“I don’t think she thought it was wise of me to do all that—make permanent changes to my body. She did not outright say that to me though, because I think she was scared that she would lose her license,” Strongin said of the therapist. “She wasn’t overly affirming, but she wasn’t discouraging me from it. She was sort of neutral, but I could tell she didn’t think it was a good idea.”
The narrative online was that “transitioning is the only way to cure gender dysphoric feelings, and if you don’t, then you might kill yourself,” she said.
Strongin believed that if she didn’t find her “authentic self” and honor her "true gender identity," she would “just be an empty shell of a person.” She saw gender transition as a panacea for all her problems.
“I think I had possibly brainwashed myself to the point of no return,” she said.
GSA ClubIn high school, Strongin joined a Gay-Straight Alliance (GSA) club. GSA refers to “Gender and Sexuality Alliances” that "[move] beyond the labels of gay and straight, and the limits of a binary gender system," according to a statement by the national GSA Network.
“It was very different when I was in high school,” Strongin said. “I was involved in a GSA club, but we didn’t have any policies about changing my name in the system or pronouns, not telling my parents, and that kind of thing. It was just this club that my friends and I would go to, and we would all talk about how gay we were or how trans.”
Truth and AcceptanceHer parents wanted to be more supportive, but struggled to accept her male persona.
“My mom definitely had a harder time,” she said. “She avoided pronouns and names altogether, because she didn’t want to alienate me. but at the same time, she didn’t want to lie to me and say that I’m a guy.”
After Strongin had been in therapy for about four years, her dad offered some acceptance.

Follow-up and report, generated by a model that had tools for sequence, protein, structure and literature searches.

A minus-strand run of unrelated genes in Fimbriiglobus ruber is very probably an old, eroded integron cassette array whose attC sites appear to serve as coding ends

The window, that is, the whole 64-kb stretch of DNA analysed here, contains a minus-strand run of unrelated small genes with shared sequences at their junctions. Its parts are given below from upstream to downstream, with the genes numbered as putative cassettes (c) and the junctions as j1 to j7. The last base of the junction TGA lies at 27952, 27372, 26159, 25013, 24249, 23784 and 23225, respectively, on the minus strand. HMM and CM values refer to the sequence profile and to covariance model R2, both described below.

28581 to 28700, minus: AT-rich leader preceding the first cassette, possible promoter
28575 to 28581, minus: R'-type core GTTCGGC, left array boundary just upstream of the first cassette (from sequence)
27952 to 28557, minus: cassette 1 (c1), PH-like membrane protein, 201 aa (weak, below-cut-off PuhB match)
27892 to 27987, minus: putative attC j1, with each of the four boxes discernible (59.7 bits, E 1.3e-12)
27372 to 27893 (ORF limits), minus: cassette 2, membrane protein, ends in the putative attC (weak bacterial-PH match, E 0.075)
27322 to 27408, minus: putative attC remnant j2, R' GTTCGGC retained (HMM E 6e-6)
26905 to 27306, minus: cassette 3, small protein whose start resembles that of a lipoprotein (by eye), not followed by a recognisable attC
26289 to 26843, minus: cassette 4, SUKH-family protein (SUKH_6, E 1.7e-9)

“Even though he was horrified by it, he was like, ‘Well, I guess this is reality now,’ and started calling me Oliver, his son,” she said.
Negative Image of WomenUnlike many transitioners, Strongin said she never went through a traumatic sexual experience.
“I know a lot of women want to become male as a defense mechanism that comes from trauma,” she said. "That makes perfect sense to me, but I didn’t have that sexual trauma."
However, as a teen, she said, pornography played a “subconscious role” in her gender issues, and she developed a negative image of women.
“To be 14 years old and seeing those videos has a much greater psychological effect than porn did maybe 20 or 30 years ago, when it was just like naked girls in a magazine,” she said. “Women were portrayed as objects for sexual pleasure that can be hit and choked, and that’s supposed to be sexy?”
When girls at school started “dressing more seductively,” Strongin felt uncomfortable.
“That always was just very foreign to me," she said. "It’s not like I looked down on them for doing that; I just felt really, really strange in clothes like that. I just had a very unhealthy image of what it meant to be a girl and what it meant to be a woman.”
She perceived women as “weak and histrionic”’ and didn’t want to become “hysterical or overly emotional.”
Her TransitionWhen Strongin came out as transgender, she was celebrated by her peers at school and “random people” online. For the first time in her life, she experienced a strong sense of belonging.
“I made a lot of new friends. And they were all trans and LGBT,” she said. “I had real-life people who I could relate to, and I was feeling really positive and excited about being trans. I became more and more sure I was going to be trans forever.”
To conceal her breasts, Strongin wore a chest binder for 10 hours a day for about three years, from the time she was 17 to age 20, she said.
Eager to look more masculine, when she turned 18, she took the next big step in her transition: injecting cross-sex hormones.
“I had short hair and would wear boys’ clothes, but I still looked like a girl and sounded like a girl, so I got on testosterone,” she said.
In college, she had two serious relationships—both with bisexual men.
“I’m straight. I’ve pretty much always been straight. There was a time when I thought maybe I’m bisexual … but I’ve always been attracted to men. So, when I was identifying as a trans guy, I was identifying also as a gay trans guy,” she said. “It’s very confusing.”
During the second relationship, Strongin had a double mastectomy. She was 20.
“I knew the changes I was making were irreversible. It’s not like I was uneducated about what was physically going to happen to me, because I had watched so many transgender influencers talk about the effects of testosterone, and I knew what top surgery would look like,” she said.
Her DetransitionAfter surgery, Strongin procrastinated about changing her legal name to Oliver, but eventually did. However, she began to experience doubt and remorse about her decisions.